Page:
Read, Listen, Watch

Staff Picks and Suggestions

Today’s Bloomsday!

Ulysses June 16, the day Joyce’s “Ulysses” takes place, is the time to have a Guiness, re-read your favorite passages (also here) or, if you’re near a radio or computer tonight, listen to WBAI in New York which is broadcasting some passages read aloud, along with period music. In the Boston area, there’s a festival on the Boston College Campus, and another at Back Pages Books in Waltham. The NU Libraries (PR 6019 .O9 on the Snell Third Floor) have several copies, along with essays, readers companions, adaptations, and so on nearby.


The Library has a facebook group: I Love NU Libraries!  Joining is a great way to stay up to date on Library events, as well as show your support for the Library.  Join and invite student and faculty friends to do the same.  You can also see promotional videos, along with photos and recordings of past events.  For the fall semester, were going to be looking to increase discussion about our program authors and their books, through the facebook group.  Stay tuned!

Britannica to launch collaborative site

Britannica logo Britannica has just announced that it’s developing what seems to be a parallel site in which end-users can contribute content to the Encyclopedia as they do in Wikipedia. It looks like the user-contributed content will appear side by side with their original content (which will be marked “Britannica checked” to distinguish it from the flotsam and jetsam of the hoi polloi). A beta version of the new Britannical Online is available. It’s not clear to me exactly how the user-contributed content is going to be associated with the regular academic Encyclopedia Britannica, which NU has already by subscription. When I go to the new site it thinks I’m logged in, and recognizes me as “Northeastern University,” although I don’t seem to be able to actually contribute anything (not that I’m sure what I could/would contribute). I have some quarrels with the new site, notably the insufferable amount of advertising especially for a subscription service. Some small things, like a “return to home page” button have probably just been overlooked since this is still beta. I like the article layout better than the traditional encyclopedia site. Another good thing and a plus over Wikipedia is that all the content will be signed and contributors (yes, that means you!) will submit a profile, no anonymous posting allowed.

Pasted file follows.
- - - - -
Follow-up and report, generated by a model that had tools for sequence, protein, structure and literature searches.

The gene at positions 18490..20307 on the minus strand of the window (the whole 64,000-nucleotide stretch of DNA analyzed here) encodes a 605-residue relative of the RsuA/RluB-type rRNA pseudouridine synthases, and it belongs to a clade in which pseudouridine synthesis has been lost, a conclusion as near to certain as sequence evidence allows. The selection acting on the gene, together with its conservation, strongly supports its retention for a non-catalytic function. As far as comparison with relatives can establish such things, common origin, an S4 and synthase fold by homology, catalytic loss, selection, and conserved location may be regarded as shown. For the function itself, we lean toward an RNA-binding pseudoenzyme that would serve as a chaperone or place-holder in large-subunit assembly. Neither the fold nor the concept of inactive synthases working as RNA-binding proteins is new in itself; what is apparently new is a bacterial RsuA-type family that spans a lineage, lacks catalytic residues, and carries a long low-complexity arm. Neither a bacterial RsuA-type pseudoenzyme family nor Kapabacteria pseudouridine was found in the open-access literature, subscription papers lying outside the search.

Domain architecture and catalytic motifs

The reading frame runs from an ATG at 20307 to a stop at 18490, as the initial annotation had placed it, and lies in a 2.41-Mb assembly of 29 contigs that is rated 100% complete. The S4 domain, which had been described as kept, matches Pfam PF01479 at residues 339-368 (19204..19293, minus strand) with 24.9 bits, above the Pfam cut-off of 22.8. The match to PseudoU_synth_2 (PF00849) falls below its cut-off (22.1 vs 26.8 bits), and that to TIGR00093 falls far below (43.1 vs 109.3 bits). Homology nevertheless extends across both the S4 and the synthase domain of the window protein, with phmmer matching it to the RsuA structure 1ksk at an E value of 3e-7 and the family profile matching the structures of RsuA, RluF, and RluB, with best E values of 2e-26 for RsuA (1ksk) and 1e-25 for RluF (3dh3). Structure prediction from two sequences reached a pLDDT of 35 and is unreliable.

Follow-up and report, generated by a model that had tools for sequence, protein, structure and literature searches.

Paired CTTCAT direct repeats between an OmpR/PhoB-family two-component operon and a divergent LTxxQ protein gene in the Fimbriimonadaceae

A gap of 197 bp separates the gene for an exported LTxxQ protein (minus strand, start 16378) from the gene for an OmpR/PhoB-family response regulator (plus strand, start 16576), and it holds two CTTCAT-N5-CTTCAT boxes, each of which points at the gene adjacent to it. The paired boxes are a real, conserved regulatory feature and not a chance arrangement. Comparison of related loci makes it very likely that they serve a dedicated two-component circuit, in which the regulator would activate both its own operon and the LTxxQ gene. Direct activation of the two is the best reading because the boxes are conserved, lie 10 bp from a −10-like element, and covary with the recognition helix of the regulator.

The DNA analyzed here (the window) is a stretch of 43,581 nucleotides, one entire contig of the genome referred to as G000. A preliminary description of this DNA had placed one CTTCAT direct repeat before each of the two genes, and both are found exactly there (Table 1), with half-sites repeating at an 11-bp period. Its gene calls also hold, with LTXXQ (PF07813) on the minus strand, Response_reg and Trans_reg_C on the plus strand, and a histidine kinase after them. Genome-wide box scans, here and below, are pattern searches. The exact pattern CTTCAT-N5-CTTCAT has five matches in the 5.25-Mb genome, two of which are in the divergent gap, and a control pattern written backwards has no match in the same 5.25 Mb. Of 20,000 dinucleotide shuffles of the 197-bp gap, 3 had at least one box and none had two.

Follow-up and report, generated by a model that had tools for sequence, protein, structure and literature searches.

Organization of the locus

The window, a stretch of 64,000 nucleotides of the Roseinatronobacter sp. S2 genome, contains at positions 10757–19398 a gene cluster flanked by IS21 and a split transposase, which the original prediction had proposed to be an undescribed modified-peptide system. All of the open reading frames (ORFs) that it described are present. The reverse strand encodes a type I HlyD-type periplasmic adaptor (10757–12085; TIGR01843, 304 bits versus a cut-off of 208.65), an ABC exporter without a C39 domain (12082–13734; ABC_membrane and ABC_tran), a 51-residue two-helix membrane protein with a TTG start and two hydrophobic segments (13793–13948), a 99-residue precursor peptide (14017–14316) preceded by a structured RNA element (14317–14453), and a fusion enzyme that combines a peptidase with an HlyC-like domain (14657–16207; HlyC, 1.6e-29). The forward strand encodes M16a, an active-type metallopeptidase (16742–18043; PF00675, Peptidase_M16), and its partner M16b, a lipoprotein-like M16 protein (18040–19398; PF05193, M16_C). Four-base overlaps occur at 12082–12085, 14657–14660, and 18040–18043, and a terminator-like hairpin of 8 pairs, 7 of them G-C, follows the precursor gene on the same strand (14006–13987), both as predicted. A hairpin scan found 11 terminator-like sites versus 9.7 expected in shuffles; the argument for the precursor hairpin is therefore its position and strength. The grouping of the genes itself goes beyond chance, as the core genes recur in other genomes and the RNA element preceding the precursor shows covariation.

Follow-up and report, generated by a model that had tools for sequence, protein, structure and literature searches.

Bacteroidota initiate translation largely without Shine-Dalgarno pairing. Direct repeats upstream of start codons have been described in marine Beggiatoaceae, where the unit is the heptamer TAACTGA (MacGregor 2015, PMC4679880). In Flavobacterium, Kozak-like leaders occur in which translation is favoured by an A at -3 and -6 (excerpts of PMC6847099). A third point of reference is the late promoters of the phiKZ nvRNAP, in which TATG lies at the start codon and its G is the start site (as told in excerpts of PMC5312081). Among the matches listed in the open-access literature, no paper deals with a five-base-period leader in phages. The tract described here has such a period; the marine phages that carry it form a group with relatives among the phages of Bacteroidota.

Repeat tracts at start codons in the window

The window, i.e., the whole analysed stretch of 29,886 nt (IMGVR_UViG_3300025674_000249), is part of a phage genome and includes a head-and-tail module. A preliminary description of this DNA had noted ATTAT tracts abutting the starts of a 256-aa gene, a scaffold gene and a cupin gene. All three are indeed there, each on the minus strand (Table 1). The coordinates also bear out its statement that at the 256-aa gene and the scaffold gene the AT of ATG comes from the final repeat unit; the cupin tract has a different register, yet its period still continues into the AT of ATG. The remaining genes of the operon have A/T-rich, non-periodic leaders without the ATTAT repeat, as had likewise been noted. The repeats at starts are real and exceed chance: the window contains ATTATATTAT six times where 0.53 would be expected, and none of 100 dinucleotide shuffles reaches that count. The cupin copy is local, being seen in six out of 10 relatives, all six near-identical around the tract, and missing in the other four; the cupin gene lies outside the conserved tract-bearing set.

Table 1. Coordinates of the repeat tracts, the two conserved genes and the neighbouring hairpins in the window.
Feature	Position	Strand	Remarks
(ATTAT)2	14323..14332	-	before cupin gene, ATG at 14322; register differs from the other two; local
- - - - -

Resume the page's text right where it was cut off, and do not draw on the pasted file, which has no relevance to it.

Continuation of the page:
Egyptian Education

I just read an interesting (and alarming) article in The Chronicle of Higher Education about education in Egypt. I know some people who have studied and taught there-some liked it, and some hated it-but all were pretty vague and general in describing their experiences. Andrew Mills’s article certainly paints a bleak picture. I’d like to visit Egypt and read quite a bit about it when I was younger, but I haven’t been yet. Has anyone visited or studied there? What were your experiences like?